Okey, this is my Japanese katana (that's a style sword, for those of you knot in the know) that I got recently. All I did was put the blade next to the camera and lower the colors so you could only see the blade. Hope you like!
Yeah that's what I first thought, that's the Hamon pattern, the clay slurry that's applied changed the rate at which the blade cools during its forgery, the speed at which the metal changes changes the qualities of the steel, and the strength, and, also, the colour.
Nice shot too, definitely something a little different than those usual Katana shots, although a little pixelated because of the editing.
Except on this one its a artificial hamon, usually just created by acid etching etc. A real hamon created by the forging process of combining steels of differing hardness and then tempering them in clays of differing thicknesses etc. is not going to creat the hamons 'wavy pattern' so identically and consistently.
Still fun to swing around outdoors... just don't hit anything harder than fruit. Nothing worse than having a piece of point steel crack and fly back at you.
One of the first 'katana' (just wallhangers made in Taiwan/China) had a fake hamon that was just perfect little triangles, not curves in the pattern at all, looked scary as it gave it a 'saw tooth' appearance.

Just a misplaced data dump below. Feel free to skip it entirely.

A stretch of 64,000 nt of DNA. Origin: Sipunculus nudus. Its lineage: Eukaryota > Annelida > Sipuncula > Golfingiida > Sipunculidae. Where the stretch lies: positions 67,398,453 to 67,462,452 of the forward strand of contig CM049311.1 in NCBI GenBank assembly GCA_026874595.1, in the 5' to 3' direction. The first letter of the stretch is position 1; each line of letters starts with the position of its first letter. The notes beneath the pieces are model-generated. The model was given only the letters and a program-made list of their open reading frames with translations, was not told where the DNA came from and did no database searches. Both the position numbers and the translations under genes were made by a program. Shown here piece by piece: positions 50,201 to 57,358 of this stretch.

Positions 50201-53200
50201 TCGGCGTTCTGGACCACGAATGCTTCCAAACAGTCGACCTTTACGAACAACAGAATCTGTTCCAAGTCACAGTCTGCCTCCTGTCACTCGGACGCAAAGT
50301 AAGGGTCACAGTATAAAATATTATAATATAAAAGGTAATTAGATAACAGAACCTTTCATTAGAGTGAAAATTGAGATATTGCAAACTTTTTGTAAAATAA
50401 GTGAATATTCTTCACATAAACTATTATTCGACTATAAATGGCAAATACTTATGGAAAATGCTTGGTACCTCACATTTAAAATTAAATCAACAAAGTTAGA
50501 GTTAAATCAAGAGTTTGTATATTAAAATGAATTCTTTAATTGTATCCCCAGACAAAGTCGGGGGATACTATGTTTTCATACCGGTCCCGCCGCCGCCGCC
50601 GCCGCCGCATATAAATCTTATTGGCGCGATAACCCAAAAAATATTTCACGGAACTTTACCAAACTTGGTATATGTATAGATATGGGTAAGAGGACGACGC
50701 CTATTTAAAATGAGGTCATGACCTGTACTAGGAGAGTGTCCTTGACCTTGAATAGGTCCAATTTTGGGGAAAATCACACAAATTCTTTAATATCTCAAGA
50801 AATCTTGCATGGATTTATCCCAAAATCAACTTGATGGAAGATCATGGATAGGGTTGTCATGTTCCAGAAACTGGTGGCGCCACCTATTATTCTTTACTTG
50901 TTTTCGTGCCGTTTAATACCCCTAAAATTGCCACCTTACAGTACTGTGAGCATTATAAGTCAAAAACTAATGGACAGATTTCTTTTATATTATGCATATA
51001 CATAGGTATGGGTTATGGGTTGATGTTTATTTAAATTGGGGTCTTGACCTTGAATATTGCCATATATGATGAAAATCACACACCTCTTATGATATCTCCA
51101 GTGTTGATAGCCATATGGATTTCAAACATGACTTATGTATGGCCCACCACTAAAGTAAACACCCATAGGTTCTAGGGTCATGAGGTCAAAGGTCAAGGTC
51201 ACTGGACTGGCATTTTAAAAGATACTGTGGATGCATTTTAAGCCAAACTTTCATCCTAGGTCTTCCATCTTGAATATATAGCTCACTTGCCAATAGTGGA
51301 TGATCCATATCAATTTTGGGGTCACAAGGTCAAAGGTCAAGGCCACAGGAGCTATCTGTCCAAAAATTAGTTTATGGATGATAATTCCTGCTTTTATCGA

I know this may be a late comment, but you should point out to Rags428 that the blade isn't serrated, but what he sees is the Hamon pattern, and that the cutting side is up. anyway, nice picture but a bit pixelated.
...first off. no 'katana' is serrated. what you have there is what we'd call a show blade. a sword-esque piece of sharp metal. besides, a traditional katana is curved to allow for more strength in the blade (as part of the cooling process). yours however, seems to be very straight from this angle.
(mine, would break yours in half)
in all fairness, it has an interesting and beautifully brutal appearance. and dont take my comment as hostile. i just like being able to apply what i know when i see an opportunity.